Their findings challenge the policy mantra of a high-skills, high-wage economy. While the skills of the workforce remain important, they are not a source of decisive competitive advantage. Many countries, including China and India, are adopting the same tactics as the UK. It is how the capabilities of the workforce are combined in innovative and productive ways that holds the key. High-skilled workers in high-cost countries will have to contend with the price advantage of university graduates in developing economies. The main threat to high rewards for large numbers of highly skilled workers in the West, however, will not come principally because they are being outsmarted by graduates in China and India, but because companies are discovering new ways of doing the same things in more cost-effective ways: through the spread of 'Digital Taylorism' to knowledge work. One consequence could be that in the early decades of the twenty-first century the rise of the high-skill, low-wage workforce may become a feature of the developed as well as the developing economies. The rewards associated with graduate careers could become very unevenly distributed.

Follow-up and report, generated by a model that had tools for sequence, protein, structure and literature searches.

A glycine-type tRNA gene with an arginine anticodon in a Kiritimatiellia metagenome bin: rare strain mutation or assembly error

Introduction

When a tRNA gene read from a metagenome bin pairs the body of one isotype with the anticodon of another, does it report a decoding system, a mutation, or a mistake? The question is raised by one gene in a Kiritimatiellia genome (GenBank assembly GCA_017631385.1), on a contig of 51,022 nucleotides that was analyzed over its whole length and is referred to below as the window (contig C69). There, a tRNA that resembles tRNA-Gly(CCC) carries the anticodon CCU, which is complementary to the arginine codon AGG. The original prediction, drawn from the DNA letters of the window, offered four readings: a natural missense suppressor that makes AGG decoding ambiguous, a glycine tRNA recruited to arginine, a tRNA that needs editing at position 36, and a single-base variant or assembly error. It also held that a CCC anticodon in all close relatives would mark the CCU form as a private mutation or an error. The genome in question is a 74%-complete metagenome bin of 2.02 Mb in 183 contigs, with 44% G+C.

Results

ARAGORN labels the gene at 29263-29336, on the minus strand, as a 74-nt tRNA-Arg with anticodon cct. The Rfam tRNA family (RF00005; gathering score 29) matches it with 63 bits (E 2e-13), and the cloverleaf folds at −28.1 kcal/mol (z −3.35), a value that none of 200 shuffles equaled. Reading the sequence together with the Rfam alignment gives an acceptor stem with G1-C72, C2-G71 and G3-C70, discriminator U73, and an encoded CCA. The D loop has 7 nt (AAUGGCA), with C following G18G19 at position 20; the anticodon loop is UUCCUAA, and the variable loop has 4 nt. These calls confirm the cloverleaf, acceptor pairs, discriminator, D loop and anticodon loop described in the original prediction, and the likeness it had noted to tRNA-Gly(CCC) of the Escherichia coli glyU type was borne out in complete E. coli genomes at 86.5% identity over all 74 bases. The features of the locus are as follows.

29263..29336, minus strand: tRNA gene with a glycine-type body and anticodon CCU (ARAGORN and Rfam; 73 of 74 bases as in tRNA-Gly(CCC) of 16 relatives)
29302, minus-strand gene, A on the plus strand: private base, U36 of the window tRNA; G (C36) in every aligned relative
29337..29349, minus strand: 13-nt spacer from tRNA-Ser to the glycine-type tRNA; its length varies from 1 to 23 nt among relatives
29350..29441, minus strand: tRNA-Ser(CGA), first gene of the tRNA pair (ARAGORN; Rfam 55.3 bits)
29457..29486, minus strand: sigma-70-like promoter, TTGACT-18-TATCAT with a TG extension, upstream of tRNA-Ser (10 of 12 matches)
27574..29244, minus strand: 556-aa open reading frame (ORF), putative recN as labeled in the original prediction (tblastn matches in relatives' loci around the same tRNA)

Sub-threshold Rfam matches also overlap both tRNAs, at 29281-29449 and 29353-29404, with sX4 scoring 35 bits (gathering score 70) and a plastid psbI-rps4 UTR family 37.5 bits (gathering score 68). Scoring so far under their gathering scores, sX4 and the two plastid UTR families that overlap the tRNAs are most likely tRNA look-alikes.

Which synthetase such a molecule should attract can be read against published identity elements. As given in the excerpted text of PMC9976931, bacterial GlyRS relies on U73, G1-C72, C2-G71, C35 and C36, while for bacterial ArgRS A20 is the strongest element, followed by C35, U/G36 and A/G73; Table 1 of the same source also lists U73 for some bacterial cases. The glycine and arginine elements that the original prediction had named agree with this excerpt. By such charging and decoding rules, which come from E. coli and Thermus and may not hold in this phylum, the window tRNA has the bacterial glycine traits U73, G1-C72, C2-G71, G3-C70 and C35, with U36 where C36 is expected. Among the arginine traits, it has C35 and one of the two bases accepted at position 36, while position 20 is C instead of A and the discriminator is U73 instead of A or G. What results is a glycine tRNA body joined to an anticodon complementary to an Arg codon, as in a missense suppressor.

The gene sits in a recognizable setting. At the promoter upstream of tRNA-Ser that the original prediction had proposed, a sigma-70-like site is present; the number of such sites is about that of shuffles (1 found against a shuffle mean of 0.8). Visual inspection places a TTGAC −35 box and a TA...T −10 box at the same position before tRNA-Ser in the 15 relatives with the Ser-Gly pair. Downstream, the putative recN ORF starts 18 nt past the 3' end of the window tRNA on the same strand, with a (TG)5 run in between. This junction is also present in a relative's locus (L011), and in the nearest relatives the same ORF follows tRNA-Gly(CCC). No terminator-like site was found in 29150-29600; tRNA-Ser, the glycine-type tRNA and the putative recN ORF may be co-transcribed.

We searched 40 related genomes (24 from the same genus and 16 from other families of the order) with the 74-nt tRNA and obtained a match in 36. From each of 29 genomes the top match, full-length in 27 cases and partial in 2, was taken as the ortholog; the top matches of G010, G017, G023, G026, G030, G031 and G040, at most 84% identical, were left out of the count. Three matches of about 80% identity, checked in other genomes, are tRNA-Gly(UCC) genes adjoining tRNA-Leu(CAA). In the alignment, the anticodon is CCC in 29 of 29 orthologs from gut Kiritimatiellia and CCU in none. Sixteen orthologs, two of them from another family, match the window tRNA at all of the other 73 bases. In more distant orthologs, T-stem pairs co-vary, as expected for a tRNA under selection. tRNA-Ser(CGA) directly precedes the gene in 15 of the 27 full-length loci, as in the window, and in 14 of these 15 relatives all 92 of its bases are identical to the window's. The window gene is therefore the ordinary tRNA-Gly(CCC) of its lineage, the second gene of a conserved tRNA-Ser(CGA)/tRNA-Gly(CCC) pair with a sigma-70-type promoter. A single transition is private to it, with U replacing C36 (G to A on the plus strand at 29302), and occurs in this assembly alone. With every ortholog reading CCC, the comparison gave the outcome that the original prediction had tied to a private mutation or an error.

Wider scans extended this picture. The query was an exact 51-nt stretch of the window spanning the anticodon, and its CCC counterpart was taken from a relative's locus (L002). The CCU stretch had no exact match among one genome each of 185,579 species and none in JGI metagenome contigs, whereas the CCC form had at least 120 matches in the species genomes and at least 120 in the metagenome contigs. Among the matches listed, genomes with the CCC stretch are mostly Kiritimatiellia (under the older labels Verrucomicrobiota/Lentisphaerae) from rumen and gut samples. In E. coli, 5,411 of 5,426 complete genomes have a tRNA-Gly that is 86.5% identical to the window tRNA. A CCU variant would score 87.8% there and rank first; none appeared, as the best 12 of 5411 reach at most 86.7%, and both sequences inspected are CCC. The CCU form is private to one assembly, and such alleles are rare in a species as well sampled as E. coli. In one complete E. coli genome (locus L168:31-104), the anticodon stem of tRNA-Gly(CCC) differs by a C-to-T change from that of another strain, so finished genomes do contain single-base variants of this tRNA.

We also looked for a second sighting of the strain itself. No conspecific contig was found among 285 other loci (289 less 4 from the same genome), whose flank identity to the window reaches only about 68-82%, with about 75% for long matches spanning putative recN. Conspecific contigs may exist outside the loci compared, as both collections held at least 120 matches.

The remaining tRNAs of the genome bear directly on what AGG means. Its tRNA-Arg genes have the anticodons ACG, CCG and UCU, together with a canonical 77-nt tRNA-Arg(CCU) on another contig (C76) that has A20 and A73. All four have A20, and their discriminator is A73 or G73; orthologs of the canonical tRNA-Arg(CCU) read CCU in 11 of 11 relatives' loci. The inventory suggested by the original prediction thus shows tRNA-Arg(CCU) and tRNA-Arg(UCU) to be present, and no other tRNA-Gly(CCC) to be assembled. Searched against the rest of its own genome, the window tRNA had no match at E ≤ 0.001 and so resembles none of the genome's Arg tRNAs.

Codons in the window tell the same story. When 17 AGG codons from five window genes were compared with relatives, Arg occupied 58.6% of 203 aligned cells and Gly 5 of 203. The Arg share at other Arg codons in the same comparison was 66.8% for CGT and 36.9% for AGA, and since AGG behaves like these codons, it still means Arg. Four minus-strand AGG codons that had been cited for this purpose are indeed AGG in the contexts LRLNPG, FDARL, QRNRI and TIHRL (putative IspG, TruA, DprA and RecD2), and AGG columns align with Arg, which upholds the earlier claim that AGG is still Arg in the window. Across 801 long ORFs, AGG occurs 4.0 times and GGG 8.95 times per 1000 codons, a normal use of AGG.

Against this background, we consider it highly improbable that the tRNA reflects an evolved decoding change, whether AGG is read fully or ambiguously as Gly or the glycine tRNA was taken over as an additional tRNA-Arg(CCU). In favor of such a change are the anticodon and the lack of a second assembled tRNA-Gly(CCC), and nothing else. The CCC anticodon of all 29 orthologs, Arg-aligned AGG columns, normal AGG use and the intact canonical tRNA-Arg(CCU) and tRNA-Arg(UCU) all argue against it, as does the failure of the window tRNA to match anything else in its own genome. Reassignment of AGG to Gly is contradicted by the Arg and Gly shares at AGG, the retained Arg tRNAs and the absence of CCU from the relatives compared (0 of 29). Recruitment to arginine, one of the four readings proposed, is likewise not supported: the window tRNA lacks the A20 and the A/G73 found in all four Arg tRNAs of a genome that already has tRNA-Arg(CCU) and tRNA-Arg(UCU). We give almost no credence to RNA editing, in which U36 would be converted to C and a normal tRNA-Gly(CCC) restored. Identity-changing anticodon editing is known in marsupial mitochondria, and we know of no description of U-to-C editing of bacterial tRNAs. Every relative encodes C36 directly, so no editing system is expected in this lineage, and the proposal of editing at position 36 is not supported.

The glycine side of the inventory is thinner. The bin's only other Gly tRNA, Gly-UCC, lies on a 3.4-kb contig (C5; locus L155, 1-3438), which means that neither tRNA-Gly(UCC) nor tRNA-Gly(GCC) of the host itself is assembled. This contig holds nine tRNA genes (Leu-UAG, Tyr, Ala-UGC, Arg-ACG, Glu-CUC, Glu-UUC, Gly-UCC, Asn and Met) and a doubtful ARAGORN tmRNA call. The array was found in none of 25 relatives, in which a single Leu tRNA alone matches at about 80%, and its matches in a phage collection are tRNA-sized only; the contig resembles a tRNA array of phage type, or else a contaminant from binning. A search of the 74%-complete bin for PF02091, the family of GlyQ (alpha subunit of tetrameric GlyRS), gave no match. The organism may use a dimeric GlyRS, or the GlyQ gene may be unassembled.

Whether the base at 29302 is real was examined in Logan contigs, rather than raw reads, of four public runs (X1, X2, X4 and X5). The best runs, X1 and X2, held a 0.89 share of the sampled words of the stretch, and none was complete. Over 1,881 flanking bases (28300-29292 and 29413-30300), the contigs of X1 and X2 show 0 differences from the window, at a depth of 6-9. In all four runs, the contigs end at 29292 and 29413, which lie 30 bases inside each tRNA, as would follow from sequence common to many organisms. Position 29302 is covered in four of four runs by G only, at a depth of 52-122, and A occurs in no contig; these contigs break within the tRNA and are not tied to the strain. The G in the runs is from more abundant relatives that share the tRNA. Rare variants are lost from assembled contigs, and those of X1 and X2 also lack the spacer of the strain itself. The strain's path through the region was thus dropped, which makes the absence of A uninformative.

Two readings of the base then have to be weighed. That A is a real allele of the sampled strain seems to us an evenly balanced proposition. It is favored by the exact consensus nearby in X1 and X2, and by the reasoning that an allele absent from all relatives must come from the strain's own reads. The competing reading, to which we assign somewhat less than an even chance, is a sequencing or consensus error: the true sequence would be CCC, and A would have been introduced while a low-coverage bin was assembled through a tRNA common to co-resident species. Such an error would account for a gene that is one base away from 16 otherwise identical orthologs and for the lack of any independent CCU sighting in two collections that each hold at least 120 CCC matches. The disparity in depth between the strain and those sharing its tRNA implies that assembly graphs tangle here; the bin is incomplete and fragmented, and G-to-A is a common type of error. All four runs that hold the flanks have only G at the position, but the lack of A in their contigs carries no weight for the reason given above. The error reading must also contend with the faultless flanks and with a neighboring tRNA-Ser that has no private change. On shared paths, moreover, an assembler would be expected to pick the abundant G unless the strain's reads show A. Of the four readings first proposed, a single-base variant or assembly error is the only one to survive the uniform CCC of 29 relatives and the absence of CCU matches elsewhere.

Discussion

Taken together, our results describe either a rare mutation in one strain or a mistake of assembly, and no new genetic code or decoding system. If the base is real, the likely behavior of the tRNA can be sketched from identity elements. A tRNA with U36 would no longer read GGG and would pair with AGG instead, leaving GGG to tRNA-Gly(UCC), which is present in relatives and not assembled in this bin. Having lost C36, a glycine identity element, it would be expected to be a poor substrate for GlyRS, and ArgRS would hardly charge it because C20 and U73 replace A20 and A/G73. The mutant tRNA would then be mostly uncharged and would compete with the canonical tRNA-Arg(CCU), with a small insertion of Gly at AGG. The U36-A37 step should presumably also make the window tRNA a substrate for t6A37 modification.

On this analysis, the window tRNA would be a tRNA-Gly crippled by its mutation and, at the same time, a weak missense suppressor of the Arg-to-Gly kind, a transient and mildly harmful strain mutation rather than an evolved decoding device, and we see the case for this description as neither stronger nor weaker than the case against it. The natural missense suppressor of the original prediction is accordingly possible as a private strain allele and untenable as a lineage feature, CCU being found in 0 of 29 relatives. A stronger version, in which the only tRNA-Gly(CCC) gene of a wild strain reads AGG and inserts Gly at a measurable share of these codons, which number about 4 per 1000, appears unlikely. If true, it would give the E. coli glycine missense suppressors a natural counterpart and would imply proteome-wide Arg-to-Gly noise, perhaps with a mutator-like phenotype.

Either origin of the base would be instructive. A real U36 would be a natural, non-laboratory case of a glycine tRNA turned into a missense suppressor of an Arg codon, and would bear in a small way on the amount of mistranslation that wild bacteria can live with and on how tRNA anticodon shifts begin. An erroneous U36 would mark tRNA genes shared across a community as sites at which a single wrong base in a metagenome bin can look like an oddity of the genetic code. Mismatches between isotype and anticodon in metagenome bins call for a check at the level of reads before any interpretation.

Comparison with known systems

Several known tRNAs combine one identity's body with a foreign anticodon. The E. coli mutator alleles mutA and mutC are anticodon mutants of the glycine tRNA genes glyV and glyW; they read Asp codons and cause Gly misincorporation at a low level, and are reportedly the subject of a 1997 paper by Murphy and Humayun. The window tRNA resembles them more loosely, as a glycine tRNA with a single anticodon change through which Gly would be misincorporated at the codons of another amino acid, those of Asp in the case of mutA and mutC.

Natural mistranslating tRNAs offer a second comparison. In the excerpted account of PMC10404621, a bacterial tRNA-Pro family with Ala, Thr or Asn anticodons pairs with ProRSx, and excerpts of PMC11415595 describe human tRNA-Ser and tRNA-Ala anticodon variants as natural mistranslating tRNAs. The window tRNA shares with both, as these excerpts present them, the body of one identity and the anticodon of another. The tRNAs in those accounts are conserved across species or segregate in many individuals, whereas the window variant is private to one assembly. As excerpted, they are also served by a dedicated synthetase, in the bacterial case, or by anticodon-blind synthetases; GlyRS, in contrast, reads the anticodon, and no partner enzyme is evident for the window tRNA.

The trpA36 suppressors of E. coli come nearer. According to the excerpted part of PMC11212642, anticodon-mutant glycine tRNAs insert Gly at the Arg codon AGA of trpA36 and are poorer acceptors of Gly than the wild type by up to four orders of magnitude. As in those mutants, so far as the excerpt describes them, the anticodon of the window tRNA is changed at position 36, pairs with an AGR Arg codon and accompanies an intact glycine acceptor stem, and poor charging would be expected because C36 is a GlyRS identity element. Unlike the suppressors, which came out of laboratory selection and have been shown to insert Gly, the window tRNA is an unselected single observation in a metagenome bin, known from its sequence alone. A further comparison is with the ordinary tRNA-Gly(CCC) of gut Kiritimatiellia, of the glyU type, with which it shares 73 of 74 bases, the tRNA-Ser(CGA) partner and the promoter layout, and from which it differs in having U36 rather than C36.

Digital Taylorism does not eliminate the importance of employee motivation nor the need for good 'soft' skills such as self-management and in customer-facing activities. The standardisation required to achieve mass customisation still needs customers to feel that they are receiving a personalised service. This demand may contribute to a continuing demand for university graduates. But their occupational roles will be far removed from the archetypal graduate jobs of the past and we need to consider the prospect of a high-skilled, low-waged economy for the UK. The one-dimensional view of education as a preparation for employment is not a reflection of labour market realities, but an attempt to maintain the idea that justice, efficiency and the good life can be achieved through the job market driven by economic growth. There has never been a time when alternative visions of education, economy and society have been more important.